ABOUT 20 400 pupils in the country dropped out of primary school in 2018, some after being married off, statistics by the United Nations Educational, Scientific and Cultural Organisation (Unesco) have shown.
The Government has since put in place measures to ensure every child has access to education.
Reasons for dropping out vary but the most dominant are financial constraints and absconding, which accounted for 15 919 drop outs. “Reasons for dropping out include absconding, death, expulsion, illness, marriage, pregnancy and financial constraints. A total of 9 200 pupils absconded school under unclear circumstances and 6 717 dropped out due to financial challenges,” read the report.
“About 1 154 pupils died during the same year and 2 164 dropped out due to other reasons which were not specified during data capturing. A total of 112 students were expelled while 180 dropped out of school due to early and unintended pregnancy and an additional 231 dropped after they were married off.”
According to Unesco, 624 primary school pupils dropped out of school due to illness.
“According to the statistics, about half the boys who dropped out had just absconded from school compared to girls. Of the total figure of pupils who dropped out of primary school in 2018, boys accounted for 11 070,” read the report.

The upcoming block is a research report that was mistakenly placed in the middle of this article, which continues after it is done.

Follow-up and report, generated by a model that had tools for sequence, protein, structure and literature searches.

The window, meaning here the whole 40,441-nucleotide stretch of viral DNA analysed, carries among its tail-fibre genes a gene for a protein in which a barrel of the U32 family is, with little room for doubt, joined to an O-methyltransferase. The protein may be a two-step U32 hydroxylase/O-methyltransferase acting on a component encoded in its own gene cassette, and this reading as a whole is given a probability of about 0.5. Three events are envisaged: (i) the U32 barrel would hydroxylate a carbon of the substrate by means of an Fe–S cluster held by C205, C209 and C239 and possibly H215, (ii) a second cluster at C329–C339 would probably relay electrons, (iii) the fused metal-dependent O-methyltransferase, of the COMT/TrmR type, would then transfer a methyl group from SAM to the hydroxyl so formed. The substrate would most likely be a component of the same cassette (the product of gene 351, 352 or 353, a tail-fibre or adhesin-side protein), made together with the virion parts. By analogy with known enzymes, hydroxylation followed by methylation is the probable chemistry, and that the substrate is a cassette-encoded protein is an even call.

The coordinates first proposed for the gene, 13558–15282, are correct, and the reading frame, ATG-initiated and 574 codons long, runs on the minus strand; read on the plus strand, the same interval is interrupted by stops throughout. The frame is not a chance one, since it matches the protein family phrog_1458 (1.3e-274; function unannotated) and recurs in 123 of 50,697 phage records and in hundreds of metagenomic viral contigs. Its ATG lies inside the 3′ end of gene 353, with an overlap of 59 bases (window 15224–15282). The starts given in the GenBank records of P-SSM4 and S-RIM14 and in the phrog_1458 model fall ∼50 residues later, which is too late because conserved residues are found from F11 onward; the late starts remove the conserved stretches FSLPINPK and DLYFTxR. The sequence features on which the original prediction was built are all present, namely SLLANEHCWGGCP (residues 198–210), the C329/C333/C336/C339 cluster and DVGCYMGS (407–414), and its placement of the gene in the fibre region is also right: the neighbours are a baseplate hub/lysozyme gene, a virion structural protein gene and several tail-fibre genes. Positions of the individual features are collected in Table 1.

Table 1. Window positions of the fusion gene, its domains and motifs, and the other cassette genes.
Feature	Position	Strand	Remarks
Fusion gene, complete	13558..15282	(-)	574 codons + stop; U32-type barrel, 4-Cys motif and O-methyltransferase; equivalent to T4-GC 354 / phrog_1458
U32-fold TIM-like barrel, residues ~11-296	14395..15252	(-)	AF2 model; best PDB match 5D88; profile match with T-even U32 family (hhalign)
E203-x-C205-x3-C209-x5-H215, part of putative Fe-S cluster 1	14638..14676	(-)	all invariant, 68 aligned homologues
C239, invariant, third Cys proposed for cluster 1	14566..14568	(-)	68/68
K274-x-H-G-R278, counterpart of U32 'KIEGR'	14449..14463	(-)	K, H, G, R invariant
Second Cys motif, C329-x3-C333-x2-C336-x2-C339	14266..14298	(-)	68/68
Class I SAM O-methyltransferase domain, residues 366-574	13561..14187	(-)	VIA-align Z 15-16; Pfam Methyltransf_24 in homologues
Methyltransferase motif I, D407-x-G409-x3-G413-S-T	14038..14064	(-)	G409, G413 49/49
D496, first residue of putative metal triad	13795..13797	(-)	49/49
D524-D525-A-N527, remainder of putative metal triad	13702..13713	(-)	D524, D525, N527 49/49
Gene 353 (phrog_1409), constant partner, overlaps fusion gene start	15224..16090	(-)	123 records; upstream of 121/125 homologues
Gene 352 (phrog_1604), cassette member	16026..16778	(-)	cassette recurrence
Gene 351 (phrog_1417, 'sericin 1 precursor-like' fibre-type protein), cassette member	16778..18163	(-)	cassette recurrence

In an interview, former Primary and Secondary Education Minister Professor Paul Mavima said Government was already working towards addressing the challenge. “First, I believe some pupils end up dropping out because of the ignorance of their parents and guardians. According to Government policy, no child should be excluded from school due to non-payment of school fees and we have since reinforced that in the new Education Amendment Bill,” said Prof Mavima.
He reminded members of the public that the Government runs the Basic Education Assistance Module (BEAM) which is still operational to help the less privileged.
“It’s the duty of every parent and guardian to ensure that less privileged children have access to free basic education. School heads are also obligated to ensure that no child is sent home for non-payment of fees as we have programmes like BEAM to cater for those with challenges,” the Minister said.
According to Prof Mavima, the countrywide school feeding programme was rolled out so that children do not drop out due to hunger or poverty challenges.
“The Government has since provided resources to cater for the protein component of the feeding scheme which includes beans, soya chunks and cooking oil. Yes, we were having challenges with the programme due to grain shortages but it is improving and we are happy that some schools are sourcing the grain through various partnerships,” he said.
Prof Mavima urged schools to use their resources to source grain while Government works on providing resources so that pupils have enough food during lessons.
He said schools that afford to roll out the feeding programme without assistance from the Government should go ahead so that the number of drop outs is reduced.
“Besides these programmes, we recently launched a programme meant to end early and unintended pregnancies as these account for a lot of drop outs in both primary and secondary schools. Together with our partners we are confident that when these projects are fully implemented, the number of drop outs will go down,” said Prof Mavima. — Chronicle